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More secrets to getting a job after 50

7 Secrets to Getting a Job After 50: Page 3

By , Caring.com senior editor
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Image by Brent Nelson used under the creative commons attribution license.

Secret #6: Reinvent one

Get a group of midlife people together, and you'll hear one reinvention story after another. In fact, More magazine, read mostly by women ages 50 and over, now sponsors an annual "reinvention convention" featuring panels on how to create your "second act." Of course, the stories of high-profile software managers turned chocolatiers and winemakers get the most attention, but there are also many quieter ways that over-50 job seekers reinvent themselves or rebrand themselves into a job.

Carolyn Pistone of Petaluma, California, lost her job as a property manager for a large industrial park when the portfolio she managed was sold. With few opportunities in her industry, Pistone, who'd long been involved with Green Key Real Estate, a residential real estate company dedicated to "greening" the homes they sell, approached the owners about opening a commercial branch. Her business, Green Key Commercial, just launched and is working with numerous organizations and groups to "green" commercial properties around the Bay Area.

How to do it: Whether you're looking for a job or starting a consulting service, building your brand is the new catchphrase of career consultants, who say it's all about getting known for having a specific type of expertise. A step-by-step plan:

  • Create a blog or website that positions you as the expert in your area of choice. (If needed, obtain whatever certifications or qualifications are required.) Freelance journalist Alisa Bowman of New Jersey launched a blog, Project Happily Ever After, about her successful experience saving her marriage. The blog turned into a book, TV appearances on the Today show, Fox, and CBS -- and a new career as a marriage expert, workshop leader, and relationship advice columnist was launched.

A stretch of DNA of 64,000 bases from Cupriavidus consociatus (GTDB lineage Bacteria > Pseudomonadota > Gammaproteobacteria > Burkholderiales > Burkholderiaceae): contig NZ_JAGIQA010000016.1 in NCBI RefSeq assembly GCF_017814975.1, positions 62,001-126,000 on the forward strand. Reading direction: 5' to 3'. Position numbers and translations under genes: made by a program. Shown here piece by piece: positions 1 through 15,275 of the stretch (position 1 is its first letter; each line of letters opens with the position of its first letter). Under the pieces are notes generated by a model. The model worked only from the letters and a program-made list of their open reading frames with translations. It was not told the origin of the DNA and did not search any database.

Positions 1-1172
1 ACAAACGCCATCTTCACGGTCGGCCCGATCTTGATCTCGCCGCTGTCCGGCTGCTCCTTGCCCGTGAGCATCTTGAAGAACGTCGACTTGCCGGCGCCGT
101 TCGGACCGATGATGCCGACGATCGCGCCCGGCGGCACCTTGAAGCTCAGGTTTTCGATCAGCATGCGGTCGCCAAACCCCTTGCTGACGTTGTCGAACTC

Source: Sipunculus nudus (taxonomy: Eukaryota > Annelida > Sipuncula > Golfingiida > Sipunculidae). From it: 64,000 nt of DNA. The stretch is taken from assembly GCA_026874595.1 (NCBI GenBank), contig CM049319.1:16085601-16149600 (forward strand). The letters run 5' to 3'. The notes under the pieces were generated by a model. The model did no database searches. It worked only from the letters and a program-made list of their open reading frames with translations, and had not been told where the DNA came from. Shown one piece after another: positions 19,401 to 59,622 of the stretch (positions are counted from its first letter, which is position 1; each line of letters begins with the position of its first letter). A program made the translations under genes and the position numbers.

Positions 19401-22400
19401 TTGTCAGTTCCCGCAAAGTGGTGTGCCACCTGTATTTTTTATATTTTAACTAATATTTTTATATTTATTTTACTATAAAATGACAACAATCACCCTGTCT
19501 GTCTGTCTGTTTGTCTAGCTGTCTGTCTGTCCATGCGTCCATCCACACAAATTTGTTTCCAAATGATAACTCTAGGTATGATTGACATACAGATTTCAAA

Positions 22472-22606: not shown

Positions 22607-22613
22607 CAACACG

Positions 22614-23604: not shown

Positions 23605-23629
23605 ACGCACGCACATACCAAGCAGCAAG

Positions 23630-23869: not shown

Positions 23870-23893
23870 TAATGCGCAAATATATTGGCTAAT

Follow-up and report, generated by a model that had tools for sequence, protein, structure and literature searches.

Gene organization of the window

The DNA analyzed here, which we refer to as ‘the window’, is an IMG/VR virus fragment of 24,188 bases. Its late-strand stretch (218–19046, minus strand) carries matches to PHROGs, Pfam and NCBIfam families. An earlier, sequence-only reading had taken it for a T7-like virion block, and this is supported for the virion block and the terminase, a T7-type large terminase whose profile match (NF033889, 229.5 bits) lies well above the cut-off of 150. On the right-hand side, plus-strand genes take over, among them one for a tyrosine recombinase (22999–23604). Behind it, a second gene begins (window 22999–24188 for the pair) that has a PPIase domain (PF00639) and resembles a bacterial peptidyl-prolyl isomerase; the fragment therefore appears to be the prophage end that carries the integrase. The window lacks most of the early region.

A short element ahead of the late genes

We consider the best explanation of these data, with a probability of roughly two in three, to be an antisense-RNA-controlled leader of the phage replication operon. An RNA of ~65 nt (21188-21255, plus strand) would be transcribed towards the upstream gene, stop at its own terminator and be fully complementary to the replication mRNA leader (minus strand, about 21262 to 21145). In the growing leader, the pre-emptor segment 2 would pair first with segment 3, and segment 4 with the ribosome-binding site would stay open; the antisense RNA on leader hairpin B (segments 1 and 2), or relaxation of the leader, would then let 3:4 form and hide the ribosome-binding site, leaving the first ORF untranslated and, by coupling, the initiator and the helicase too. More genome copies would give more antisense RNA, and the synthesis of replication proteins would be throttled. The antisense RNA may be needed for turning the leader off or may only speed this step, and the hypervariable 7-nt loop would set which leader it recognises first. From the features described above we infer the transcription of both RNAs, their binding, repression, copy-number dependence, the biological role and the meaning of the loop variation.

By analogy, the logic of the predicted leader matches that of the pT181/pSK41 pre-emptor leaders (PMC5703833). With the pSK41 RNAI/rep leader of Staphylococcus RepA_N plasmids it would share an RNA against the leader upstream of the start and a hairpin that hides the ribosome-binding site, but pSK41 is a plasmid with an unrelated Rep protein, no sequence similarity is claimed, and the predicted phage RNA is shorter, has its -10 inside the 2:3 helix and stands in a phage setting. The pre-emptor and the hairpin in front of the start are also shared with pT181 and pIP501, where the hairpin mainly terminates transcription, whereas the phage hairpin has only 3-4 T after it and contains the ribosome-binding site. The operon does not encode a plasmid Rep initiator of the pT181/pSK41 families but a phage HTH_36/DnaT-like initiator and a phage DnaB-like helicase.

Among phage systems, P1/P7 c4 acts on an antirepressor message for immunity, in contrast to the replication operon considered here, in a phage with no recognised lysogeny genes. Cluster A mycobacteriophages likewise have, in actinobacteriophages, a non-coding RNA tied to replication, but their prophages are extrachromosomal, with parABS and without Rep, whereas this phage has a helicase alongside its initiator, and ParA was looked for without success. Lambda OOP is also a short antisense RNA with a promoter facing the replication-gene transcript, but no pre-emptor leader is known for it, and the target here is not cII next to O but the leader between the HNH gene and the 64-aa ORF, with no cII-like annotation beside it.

• Get high-quality business cards to advertise the new area of expertise.

  • Join professional associations and local groups in your new area of expertise. Meet others in the field and set up a referral network to direct clients, particularly to complementary fields. For example, advertising designers might refer copywriters and vice versa.

  • Offer yourself as a speaker in your new area of expertise. Join Toastmasters, Speaking Circles, and other public speaking groups if you need to develop your public speaking skills.

  • If applicable, offer classes or coaching services in the area of expertise. For example, fitness and nutrition expert Raquel Barrios of Corte Madera, California, founded the Marin Adventure Bootcamp for Women and started teaching weeklong fitness camps to establish herself. She also became certified as a personal trainer and lifestyle coach.

Secret #7: Move for one

For many people, this might sound like a last resort. But if you have your sights set on a particular career or field, moving to where that industry is healthiest -- or where the job market in general is thriving -- can be the ultimate secret to job-hunting success. Christine Lee of Washington, D.C., was having trouble finding a job in hotel management, thanks to the downturn in the travel industry. She contacted corporate management at her favorite hotel chain and offered to go anywhere in the world to get started. They asked if she could start in Tokyo in three weeks, and although already "55-plus" -- and after a year without a job -- her answer was, "Yes."

Of course, a move that extreme isn't always needed; sometimes the jobs are more plentiful one or two counties over, or in a neighboring state.

How to do it: Research, research, research. Look at statistics for positions listed and filled in the industries or fields you're interested in. Talk to headhunters; they're an endless source of information on who's hiring and for what. If you have a particular region in mind, get current economic and labor market statistics. The Bureau of Labor Statistics is a wealth of such information, and most state governments keep good data, too. Many job sites, such as CareerBuilder and Indeed, keep lists of the best places to find a job or have searchable city-by-city databases.

The differences can be eye-opening: Oklahoma's unemployment rate has hovered between 5 and 6 percent for the past year, while California's has been more than double that. Washington, D.C.'s wage growth is the highest in the country. Information like this can make it easier to decide where to settle for the next phase of your working life.